We do NOT cut off Tails or Toes

We do not dock tails or remove dew claws here at Sunny Day Puppies and these are some reasons why:



Do you think it hurts the baby puppy when you cut their tail off? YES!!! Infections may follow or even worse extensive bleeding and death. Complications can arise for the sole purpose of pleasing a client. It is understandable why more and more vets are refusing the procedure.

Tails are very important for dogs. If a dog has a tail it means that it has a function. A very important function is communication. We all know well how dogs wag their tails when they are showing happiness. I will NOT take away their smile. Dogs use their tails to communicate with other dogs. Dogs without tails may encounter problems in communicating fear, play or aggression when around other dogs. This could cause serious miscommunications and eventually fights. Other dogs may approach dogs without tails with caution as they cannot interpret their mood effectively. Docked dogs on the other hand, may not communicate aggression properly and may upgrade to a bite if the other dogs does not back off when needed.

Another drawback in dock tailed dogs is the fact that they lack the important balancing function of the tail. Tails also play an important role during swimming.

Luckily, more and more veterinarians are refusing this practice and so are some countries that have started to ban it. Norway, Sweden and Switzerland are some of these countries, hopefully many others will soon follow. So far the most common practitioners of tail docking seem to derive from the breeders. Dogs were made with tails and dogs should have tails. We are not to decide what is unnecessary in a living animal.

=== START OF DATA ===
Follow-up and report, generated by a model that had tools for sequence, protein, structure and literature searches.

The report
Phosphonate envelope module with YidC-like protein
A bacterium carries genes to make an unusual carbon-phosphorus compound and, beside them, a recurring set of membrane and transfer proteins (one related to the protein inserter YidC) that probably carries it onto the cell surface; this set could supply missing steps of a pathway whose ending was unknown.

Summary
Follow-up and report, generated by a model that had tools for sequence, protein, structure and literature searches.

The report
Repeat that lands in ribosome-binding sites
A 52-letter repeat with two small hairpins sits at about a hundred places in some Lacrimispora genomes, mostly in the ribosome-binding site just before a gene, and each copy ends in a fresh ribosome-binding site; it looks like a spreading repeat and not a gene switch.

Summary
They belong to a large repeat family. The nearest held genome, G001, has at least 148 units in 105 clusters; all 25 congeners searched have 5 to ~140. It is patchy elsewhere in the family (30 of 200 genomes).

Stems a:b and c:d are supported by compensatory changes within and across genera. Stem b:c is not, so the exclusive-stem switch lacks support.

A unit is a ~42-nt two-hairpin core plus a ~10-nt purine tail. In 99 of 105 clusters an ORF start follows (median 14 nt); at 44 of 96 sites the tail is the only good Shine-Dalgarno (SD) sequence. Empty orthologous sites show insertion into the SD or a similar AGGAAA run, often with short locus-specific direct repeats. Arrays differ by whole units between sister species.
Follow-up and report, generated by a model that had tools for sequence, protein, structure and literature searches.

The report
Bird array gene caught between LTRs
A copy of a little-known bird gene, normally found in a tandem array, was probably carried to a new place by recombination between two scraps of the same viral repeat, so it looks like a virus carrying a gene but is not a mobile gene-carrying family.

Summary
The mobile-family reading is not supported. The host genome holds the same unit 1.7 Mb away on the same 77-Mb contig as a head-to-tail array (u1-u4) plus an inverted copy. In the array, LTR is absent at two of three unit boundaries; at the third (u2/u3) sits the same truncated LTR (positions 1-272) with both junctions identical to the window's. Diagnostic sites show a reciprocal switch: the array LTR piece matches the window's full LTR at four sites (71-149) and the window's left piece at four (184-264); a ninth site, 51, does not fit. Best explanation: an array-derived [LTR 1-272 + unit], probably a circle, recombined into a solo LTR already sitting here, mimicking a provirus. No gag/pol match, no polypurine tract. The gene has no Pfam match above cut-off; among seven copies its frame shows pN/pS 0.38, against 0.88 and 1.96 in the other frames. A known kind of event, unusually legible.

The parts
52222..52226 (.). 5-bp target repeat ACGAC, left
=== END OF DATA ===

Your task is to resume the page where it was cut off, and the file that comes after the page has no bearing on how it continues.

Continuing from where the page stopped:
Further reading: The Tale of a Tail

Dew Claws

Many people do not realize that the dew claw is more than just a toe nail, it is a digit, similar to a toe or thumb. The dew claw is removed without anesthesia or pain management when the puppy is just three to five days old. If you take a puppy to the vet for removal you are stressing them & their mommy, and exposing them to life threatening viruses like parvo and distemper. Some say that it doesn’t hurt them but they yelp when it is removed and they certainly do feel pain. Here is a video showing what it looks like to remove them : https://www.youtube.com/watch?v=aNEy-o0ZdzA. I want to cry when I see them cut off the puppy’s tail… 

Dew claws are acceptable in almost all breed standards, removal is not required.

One of the main reason people remove dew claws is so the dog “doesn’t accidentally rip them off while hunting in heavy brush”. I could accidentally rip my finger or arm off while living an active life. Does that mean I should remove it now to prevent that from happening?!

Our puppies are not intended to be hunting dogs. Our dogs will be spending their time traversing manicured lawns, paved sidewalks, pleasant trails and people’s laps, beds, and living rooms. There is very little chance that they could cause serious injury to their dew claws! One important thing that can prevent the dew claw from snagging on anything is to keep them properly trimmed. Keeping all of your dogs nails maintained should be part of their overall care. Any nail can get snagged, not just a dew claw. Your groomer can trim it for you at your dogs regular visits if you are more comfortable with someone else trimming nails. We recommend trimming your dogs nails at least every 6-8 weeks. It is important to begin trimming the nails of your puppy right away so they are comfortable with the procedure. If you are having problems with a dew claw or are worried about it snagging you can have your vet remove it at the time of spay/neuter. It is still a painful procedure and can take a couple of weeks to heal.

There is an excellent article by Dr. Christine Zinc DVM, which shows that the dew claws do serve a purpose. They provide stability to the leg, especially when the dog is running and turning. There are five muscles that attach to the dew claw and when the toe is removed the muscles atrophy. This can lead to a moderate amount of pain and arthritis when the dog is older. Here is the link for further reading http://www.yorkiesunited.com/do-the-dewclaws.html 

Dogs also use their dew claws to hold things between their front feet, groom themselves, and pull themselves up. Here are a couple of interesting videos showing how dogs use their dew claws.
https://www.youtube.com/watch?v=yp2xHj_NJn4 How dogs use dew claws https://www.youtube.com/watch?v=r4XflsMEk-k   Dew Claws do have a Purpose

Our dogs have dew claws and live happy and active lives. We have never had a dog injure a dew claw. We hope this sheds some light on why we choose not to remove them.